sanding concave areas

neuronz

Anarchist
876
71
europe
We are currently preparing our deck for a refit. Sanding flat and convex areas has been a breeze so far with a sander and expensive sandpaper. However, the intersections of the coachroof with the sidedeck and the cockpitwalls with the cockpit floor are relatively large concave areas we cannot really use our sander for.

Can anyone recommend a good method or tool for this? Preferably not too expensive since we will likely only use it once. Or simple lots of elbow grease?

 

Will1073

Anarchist
688
103
We make custom sanding blocks from Divinycell (but any foam or even wood would do) and wrap with sticky-back sand paper. Radiuses can also be sanded with appropriate sized sanding drums on a drill.

 

SCARECROW

Super Anarchist
5,928
655
Melbourne, Aus
We are currently preparing our deck for a refit. Sanding flat and convex areas has been a breeze so far with a sander and expensive sandpaper. However, the intersections of the coachroof with the sidedeck and the cockpitwalls with the cockpit floor are relatively large concave areas we cannot really use our sander for.

Can anyone recommend a good method or tool for this? Preferably not too expensive since we will likely only use it once. Or simple lots of elbow grease?
A good friend who used to run a Ferrari specialist panel beater / paint shop and now builds boats and teaches at a boat building school for home builders has a policy that unless you sand things for a living and therefor do it all day every day you should never use a power tool while sanding a curved surface (convex or concave). 

Any "former" you use will be close but not right.  Follow Will's advice and use a hard foam or soft wood block (so it can give a bit) and then some good old fashioned hard work.

 
One way to make shaped sanding blocks:
Put a sheet of coarse paper on the surface you want to sand, GRIT UP.
Use it to shape a styrofoam block.
Glue the paper to the foam.

 

casc27

Super Anarchist
2,343
126
Much good advice above. I have found a dry sponge to be a useful, conforming sanding block in some situation. Usually works best for light sanding. If you need to form a shape surface etc.  some of the other suggestions above will work better.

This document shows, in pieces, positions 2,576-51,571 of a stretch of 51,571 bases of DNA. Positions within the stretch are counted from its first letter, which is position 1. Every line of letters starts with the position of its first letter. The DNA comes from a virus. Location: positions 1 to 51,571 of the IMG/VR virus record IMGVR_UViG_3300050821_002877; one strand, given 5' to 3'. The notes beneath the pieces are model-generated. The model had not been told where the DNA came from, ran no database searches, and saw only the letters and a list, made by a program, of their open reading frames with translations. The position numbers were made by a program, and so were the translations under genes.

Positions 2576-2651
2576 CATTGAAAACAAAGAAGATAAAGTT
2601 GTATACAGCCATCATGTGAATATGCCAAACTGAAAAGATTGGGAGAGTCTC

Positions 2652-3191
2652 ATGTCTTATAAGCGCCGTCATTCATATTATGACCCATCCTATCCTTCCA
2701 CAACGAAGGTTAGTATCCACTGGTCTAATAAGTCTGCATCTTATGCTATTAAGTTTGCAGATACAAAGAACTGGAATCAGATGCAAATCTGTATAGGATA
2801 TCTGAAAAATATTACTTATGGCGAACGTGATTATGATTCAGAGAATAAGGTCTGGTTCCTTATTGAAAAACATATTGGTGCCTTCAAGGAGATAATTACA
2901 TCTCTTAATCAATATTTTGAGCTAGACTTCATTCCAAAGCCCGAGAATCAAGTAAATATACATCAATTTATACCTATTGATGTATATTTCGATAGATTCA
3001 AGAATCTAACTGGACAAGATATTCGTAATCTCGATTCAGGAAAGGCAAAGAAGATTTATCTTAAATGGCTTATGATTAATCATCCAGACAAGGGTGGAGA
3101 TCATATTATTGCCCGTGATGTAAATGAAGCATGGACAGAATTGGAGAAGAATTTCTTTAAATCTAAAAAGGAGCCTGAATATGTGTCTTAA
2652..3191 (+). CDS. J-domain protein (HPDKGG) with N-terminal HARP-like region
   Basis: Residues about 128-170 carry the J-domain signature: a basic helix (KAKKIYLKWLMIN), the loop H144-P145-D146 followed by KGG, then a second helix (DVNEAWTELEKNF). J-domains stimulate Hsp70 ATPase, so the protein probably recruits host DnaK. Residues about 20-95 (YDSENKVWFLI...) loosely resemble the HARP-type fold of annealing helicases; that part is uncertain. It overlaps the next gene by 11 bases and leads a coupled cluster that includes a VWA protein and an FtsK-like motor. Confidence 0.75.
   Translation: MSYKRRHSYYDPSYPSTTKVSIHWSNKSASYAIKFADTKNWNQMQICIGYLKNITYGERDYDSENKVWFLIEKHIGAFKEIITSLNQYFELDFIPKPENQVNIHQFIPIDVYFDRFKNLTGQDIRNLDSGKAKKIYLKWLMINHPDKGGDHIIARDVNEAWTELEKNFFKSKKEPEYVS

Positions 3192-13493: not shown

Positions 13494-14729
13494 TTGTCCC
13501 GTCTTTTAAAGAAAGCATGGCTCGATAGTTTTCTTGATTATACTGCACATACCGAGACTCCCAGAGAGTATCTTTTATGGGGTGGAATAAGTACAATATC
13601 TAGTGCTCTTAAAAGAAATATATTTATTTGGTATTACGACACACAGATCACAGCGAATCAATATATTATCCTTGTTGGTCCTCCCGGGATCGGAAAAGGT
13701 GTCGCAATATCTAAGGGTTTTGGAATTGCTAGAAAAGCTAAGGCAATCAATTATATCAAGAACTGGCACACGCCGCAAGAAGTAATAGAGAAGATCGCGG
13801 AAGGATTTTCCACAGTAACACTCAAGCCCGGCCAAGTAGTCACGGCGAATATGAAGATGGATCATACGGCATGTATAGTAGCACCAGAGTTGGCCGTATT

yoyo

Anarchist
664
254
One way to make shaped sanding blocks:
Put a sheet of coarse paper on the surface you want to sand, GRIT UP.
Use it to shape a styrofoam block.
Glue the paper to the foam.
This method works very well.

I have also used that method to get pads to match the deck convex curve for mounting deck hardware.  Stick sandpaper to deck and sand underside of pad fore-aft to get close match of the pad to deck.  Then epoxy down or bed as desired.

 

tDot

Member
233
127
BC
One way to make shaped sanding blocks:
Put a sheet of coarse paper on the surface you want to sand, GRIT UP.
Use it to shape a styrofoam block.
Glue the paper to the foam.
This is the way. 

Make sure your adhesive is compatible with the foam, some glues will melt foam.  I prefer PSA backed sandpaper.  

Or just use your hand.

 

neuronz

Anarchist
876
71
europe
Thx everyone. I will check if the curvature is constant enough for a custom sanding block. Otherwise we do have small sanding sponges already. Maybe there is something available one or two sizes bigger.

 

johnsonjay17

Member
107
31
Thx everyone. I will check if the curvature is constant enough for a custom sanding block. Otherwise we do have small sanding sponges already. Maybe there is something available one or two sizes bigger.
One thing I have found is if the radius is changing a sanding sponge can get you there. Just use your hands and eyes to make it look good. If it is a constant radius you need a form. At least I do.

JJ

 

El Borracho

Sam’s friend
6,239
2,327
Pacific Rim
Sanding the easy direction, along the cove, can create long features that will show in a gloss finish. I suggest doing circles, or something random.

 
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